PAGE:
Video: The dad in this ad is not an idiot
posted at 10:01 pm on August 4, 2014 by Mary Katharine Ham
I hate ads that make dads into morons to superficially boost moms by comparison as much as I hate beer ads that denigrate women to superficially boost men. Both versions of these lazy sexist tropes are insulting to both parties— the one actively insulted and the one whose itch the insult is supposed to scratch. I’ve noted some improvement on this front recently, and this ad is another installment. We’re all human beings and Americans who enjoy beer, Swiffers, and now Peanut Butter Cheerios, and can be treated with dignity and respect by the brands we buy.
In this modern dad ad, a clearly capable father of four illustrates that he— gasp!— knows how to be a parent. He can do things and teach things and mentor boy and girl children alike instead of just putting his daughter in a tutu and a scuba mask for a dentist appointment or burning microwaveable chicken nuggets or some such nonsense. He’s a grown-up Ferris Bueller, breaking the fourth wall to talk to all of dad-dom, handing Sloane her morning coffee— “Hot stuff comin’ through. The wife and the coffee.” And I imagine these days, with four kids, Beuller would be saying something like, “Holy crap, life is moving really frickin’ fast. But I will make time to stop and look around every once in a while because being here for these kids is better than belting Wayne Newton on a parade float in downtown Chicago.” (Though, he’s clearly not too grown-up because Peanut Butter Cheerios, ugh.)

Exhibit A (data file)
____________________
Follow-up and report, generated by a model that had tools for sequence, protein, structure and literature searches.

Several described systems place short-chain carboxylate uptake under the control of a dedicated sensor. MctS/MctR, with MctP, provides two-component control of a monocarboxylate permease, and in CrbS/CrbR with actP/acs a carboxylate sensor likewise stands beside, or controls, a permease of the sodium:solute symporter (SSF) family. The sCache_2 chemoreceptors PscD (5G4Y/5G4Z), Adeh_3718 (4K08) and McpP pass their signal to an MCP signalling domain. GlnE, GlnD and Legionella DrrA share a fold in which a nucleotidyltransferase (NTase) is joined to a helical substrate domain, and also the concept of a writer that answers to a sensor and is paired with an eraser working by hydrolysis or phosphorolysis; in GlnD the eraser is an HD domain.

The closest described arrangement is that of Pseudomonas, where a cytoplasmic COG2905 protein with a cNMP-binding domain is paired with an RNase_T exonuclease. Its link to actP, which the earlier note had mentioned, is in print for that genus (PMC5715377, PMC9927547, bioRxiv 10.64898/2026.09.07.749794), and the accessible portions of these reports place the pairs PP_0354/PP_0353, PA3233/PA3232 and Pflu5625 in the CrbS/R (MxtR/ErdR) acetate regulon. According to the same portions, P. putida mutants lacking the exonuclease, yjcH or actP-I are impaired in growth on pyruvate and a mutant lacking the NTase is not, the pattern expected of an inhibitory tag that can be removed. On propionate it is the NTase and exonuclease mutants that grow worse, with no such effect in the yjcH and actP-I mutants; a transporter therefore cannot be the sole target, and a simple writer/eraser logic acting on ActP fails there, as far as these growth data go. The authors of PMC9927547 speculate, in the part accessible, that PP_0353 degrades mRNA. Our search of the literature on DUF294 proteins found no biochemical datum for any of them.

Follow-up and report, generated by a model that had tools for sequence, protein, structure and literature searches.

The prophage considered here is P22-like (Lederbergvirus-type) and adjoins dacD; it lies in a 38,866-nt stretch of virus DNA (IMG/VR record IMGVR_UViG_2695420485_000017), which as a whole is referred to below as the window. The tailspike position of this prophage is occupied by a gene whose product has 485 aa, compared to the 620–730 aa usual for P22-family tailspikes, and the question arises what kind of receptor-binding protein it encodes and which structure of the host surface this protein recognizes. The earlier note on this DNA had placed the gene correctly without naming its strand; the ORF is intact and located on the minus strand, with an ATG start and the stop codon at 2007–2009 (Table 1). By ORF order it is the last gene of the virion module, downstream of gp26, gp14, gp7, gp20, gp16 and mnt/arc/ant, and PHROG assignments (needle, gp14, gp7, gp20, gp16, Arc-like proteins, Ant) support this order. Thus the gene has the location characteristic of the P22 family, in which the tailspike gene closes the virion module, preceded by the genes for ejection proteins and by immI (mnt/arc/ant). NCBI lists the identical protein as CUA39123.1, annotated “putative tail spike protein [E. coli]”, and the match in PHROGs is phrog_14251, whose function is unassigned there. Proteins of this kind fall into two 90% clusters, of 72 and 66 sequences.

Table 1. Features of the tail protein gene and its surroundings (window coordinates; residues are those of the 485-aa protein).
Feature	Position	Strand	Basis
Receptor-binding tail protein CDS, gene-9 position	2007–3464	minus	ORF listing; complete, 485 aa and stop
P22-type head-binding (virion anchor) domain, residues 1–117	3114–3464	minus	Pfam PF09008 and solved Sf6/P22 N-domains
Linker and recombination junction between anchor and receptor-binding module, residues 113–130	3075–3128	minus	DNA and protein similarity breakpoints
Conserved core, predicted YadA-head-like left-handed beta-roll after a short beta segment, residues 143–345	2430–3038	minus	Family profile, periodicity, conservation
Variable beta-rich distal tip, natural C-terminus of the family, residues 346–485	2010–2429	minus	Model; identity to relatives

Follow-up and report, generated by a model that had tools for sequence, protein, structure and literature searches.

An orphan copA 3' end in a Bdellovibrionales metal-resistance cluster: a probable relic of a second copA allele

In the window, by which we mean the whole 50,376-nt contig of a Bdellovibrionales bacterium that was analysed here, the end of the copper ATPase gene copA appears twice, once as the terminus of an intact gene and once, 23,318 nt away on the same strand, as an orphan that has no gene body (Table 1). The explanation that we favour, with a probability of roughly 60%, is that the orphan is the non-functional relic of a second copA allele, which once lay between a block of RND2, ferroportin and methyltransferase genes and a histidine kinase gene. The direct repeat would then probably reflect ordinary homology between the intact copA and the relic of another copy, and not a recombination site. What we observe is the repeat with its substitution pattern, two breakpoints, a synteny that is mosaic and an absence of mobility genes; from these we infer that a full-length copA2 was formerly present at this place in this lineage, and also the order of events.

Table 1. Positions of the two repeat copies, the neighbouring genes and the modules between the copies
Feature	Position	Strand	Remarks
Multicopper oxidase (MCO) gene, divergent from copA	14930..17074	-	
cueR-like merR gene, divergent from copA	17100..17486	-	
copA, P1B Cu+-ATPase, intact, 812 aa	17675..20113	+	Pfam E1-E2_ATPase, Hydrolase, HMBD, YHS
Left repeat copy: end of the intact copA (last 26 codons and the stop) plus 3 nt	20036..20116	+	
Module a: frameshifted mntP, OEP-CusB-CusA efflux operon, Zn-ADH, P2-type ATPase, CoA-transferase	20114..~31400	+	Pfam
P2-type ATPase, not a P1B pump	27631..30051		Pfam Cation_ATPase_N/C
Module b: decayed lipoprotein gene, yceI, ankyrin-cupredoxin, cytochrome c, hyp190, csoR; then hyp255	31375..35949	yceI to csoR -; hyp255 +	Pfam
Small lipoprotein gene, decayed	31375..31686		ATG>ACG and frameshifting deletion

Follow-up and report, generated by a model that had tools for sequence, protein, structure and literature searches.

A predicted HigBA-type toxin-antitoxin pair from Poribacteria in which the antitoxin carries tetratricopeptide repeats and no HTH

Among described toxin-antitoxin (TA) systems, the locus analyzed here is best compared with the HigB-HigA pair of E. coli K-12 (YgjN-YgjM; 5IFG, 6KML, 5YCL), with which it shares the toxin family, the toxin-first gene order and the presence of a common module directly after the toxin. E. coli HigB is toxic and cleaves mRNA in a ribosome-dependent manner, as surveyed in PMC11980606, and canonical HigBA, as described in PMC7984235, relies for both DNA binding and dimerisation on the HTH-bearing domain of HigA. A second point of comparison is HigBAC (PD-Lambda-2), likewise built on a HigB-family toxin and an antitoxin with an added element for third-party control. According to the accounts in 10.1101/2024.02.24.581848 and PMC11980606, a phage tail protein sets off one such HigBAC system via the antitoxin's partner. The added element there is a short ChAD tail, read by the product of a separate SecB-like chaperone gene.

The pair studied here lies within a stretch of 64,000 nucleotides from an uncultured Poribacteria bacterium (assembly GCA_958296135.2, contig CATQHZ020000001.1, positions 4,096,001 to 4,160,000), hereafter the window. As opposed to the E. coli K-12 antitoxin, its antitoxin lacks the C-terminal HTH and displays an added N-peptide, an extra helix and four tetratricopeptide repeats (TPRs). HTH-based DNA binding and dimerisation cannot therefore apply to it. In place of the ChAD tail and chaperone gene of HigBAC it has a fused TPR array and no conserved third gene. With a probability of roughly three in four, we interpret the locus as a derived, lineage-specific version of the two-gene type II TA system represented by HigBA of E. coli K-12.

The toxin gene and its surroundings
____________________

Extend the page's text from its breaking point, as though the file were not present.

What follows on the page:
Dad on, Ferris. Generation X is sick of your B.S., anyway, and this is another of its messengers. He’s gettin’ it done. So many are, and I like to see it on TV. I imagine for some it might have a tad too much of the feel of hipster insistence that this generation of parents is a new kind of parent, a cool kind of parent. But in its defense this dad also references making rules and enforcement, so it ain’t all about being Junior’s besty. Also, being a parent is cool, and it’s always nice to see it portrayed with a little joie de vivre instead of just a harried slog (which it most certainly is sometimes as well).